Are They an Employee or a Contractor? The Answer Matters!

By Outsourced Technology Manager Hunter Westfaul

Whether you are an employer or an individual, the subject of being an “employee” versus “contractor” may have a significant impact on your financial liability.  Although one may have a rough idea of the difference, there are a few exceptions out there that can be confusing, as well as consequences one may not have considered.

First, what is an “employee”?  Although receiving a W-2 usually indicates one is an employee, the employer may not be classifying them correctly.  The IRS has several criteria they look at when making this determination, and it’s helpful to understand these items to ensure that one is making the correct classification.

  • What degree of control does the employer have over the worker? Does the employer set the specific time, location, and manner, in which the worker must perform their job?
  • Does the worker face the possibility of making a profit or loss on the job?
  • Does the employer provide the facilities, equipment, and other material necessary to perform the job, or does the worker cover these expenses?
  • What is the nature and length of the relationship between the employer and worker? Is it on a job by job basis, or is it a long-term arrangement?  Also, is the relationship mostly exclusive, or does the worker perform work for many other employers?

Employees tend to be under more control by an employer than a contractor.  They may have regular hours in which they are expected to perform their work, may be required to work at a specific location, and the way they perform their work may be dictated by their employer.  Employees typically have their job costs covered by their employer, which means they usually are not facing a potential loss in performing the work.  They usually have their facilities and equipment provided by their employer, and have longer-term engagement within the position.

Determining the correct classification of a worker is important for both the employer and the individual performing the job.  If the worker is an employee, the employer is required to withhold income, social security, and Medicare taxes from the worker’s pay, and must pay social security, Medicare, and unemployment taxes for the worker as well.  If an employer tries to “pull a fast one” and classify an employee as a contractor, hoping to avoid withholding and remitting requirements, they will be subject to fines and penalties from the IRS (not to mention state and local agencies).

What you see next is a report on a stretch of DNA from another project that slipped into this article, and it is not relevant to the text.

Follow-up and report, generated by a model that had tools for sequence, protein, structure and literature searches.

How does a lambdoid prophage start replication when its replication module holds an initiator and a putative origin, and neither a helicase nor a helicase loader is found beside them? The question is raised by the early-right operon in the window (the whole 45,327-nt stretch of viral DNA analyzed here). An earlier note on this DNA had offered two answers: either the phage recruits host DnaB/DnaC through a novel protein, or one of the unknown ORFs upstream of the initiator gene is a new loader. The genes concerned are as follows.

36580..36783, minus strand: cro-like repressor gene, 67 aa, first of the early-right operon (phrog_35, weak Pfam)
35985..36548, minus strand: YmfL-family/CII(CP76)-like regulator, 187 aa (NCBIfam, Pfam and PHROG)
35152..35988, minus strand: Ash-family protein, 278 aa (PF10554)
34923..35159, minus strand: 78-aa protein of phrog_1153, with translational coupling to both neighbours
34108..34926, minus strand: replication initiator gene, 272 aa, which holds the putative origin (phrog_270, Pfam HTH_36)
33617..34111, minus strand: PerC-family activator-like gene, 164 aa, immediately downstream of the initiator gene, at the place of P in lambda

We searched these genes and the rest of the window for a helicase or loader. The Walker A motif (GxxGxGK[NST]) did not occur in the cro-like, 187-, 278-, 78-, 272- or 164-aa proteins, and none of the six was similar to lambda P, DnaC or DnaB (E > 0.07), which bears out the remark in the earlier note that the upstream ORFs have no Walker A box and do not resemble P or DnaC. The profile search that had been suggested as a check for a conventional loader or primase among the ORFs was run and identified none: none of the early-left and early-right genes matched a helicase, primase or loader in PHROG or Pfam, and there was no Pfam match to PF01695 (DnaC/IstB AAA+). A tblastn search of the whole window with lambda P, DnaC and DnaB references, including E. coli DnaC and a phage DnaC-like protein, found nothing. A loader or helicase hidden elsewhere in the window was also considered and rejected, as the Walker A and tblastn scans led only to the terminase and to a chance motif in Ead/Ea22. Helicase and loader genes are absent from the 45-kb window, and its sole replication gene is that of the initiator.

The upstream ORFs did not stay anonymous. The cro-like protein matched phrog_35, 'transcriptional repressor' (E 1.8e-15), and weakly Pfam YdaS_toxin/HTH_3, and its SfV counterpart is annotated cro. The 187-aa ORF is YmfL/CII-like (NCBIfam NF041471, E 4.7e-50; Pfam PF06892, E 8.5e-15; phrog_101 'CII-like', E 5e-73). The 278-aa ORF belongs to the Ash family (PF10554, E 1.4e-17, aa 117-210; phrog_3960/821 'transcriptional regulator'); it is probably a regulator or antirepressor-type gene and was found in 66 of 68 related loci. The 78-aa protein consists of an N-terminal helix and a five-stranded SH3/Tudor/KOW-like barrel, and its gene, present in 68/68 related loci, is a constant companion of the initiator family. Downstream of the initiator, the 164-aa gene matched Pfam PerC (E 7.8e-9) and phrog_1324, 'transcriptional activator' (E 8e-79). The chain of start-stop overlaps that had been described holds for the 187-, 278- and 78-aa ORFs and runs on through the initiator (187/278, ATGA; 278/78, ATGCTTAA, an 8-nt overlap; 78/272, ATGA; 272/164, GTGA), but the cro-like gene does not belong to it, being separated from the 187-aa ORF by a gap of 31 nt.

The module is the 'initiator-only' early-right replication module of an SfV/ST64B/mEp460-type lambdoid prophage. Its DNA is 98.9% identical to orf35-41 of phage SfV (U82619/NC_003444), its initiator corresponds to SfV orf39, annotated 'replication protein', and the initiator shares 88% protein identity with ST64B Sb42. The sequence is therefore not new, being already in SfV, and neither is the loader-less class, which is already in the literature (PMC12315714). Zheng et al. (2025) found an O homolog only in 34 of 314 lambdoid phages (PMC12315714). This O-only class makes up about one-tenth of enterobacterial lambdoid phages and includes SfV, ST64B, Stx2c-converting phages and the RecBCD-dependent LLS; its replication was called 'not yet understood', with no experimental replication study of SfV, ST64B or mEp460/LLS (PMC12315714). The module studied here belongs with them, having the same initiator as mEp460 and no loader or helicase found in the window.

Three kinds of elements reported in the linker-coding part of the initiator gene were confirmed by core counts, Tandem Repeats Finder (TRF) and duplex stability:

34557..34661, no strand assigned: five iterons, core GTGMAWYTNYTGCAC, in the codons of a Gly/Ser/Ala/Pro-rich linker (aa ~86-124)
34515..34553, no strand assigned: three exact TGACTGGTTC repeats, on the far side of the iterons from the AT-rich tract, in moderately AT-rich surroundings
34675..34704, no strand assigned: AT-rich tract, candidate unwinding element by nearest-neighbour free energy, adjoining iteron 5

If the worker is a contractor, the employer is simply required to issue them a 1099-MISC – no withholding or remitting of taxes is usually required.  However, if the contractor is new or unfamiliar with the requirements, they may not realize that they are responsible for remitting their own income and self-employment taxes; many new contractors are surprised on April 15th when they’re told they owe tens of thousands of dollars in taxes for the year!

Ensuring that a worker is correctly classified as an employee or contractor is important for both parties.  With the potential taxes, fines, and penalties at stake, it’s just good business to make sure you’re on the right side of the law.  For more information, as well as a deeper dive into these designations, review this IRS fact sheet.

Furthermore, review our employee vs. contractor infograph here for a quick run down on the differences between the two. For more information or if you have questions regarding properly classifying your employees and contractors contact me at